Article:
Tuberous Sclerosis is a genetic disease, generally with random distribution, with no parental age effect.
TSC is a rare disease, but it is not exceptional because its frequency is about 1 case in 6,000 births. About 60,000 people are affected by the disease in Europe, about as much in the United States and probably more than two millions worldwide. TSC is one of most wide-spread rare diseases. As a comparison, prevalence (number of patients) of cystic fibrosis or haemophilia is almost twice lower than that of TSC.
Tuberous Sclerosis Complex remains little known by the public and, regrettably, very often by the medical community in general. The main reasons are that it has a large diversity of expressions, but also little exposure to the media in many countries. Tuberous Sclerosis remains a disease with complex mechanisms and the symptoms may vary between the individuals and their age.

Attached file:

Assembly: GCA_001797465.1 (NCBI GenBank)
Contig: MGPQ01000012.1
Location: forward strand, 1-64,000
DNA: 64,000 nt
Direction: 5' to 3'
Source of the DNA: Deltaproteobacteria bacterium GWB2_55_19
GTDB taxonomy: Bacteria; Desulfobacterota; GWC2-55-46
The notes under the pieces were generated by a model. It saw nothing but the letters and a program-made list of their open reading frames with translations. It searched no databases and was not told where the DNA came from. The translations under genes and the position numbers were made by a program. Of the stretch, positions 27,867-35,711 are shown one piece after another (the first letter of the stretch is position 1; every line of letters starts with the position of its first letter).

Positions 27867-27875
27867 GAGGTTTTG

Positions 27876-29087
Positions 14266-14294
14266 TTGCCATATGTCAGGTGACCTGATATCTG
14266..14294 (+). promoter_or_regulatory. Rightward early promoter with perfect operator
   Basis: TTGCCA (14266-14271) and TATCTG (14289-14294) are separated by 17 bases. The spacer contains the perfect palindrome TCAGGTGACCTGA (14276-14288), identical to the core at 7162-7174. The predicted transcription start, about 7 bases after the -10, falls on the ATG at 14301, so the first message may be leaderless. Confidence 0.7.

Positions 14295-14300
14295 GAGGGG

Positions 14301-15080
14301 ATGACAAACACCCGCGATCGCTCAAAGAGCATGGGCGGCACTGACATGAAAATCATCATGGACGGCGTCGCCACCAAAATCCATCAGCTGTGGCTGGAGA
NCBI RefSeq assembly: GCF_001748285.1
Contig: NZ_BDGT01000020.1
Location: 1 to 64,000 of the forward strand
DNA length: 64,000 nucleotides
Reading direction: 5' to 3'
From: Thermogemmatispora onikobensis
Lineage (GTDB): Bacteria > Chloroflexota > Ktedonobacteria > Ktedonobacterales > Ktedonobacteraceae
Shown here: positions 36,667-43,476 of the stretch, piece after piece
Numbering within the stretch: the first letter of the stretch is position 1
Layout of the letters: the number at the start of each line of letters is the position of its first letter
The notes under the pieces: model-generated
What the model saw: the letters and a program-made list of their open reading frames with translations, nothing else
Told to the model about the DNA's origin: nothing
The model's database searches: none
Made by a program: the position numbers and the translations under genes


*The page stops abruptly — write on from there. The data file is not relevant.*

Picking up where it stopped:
Some patients will be slightly affected and will live an almost normal life; others, more heavily affected, will need all the support of their family to develop their capacities at best. Each individual affected by TSC has his own story.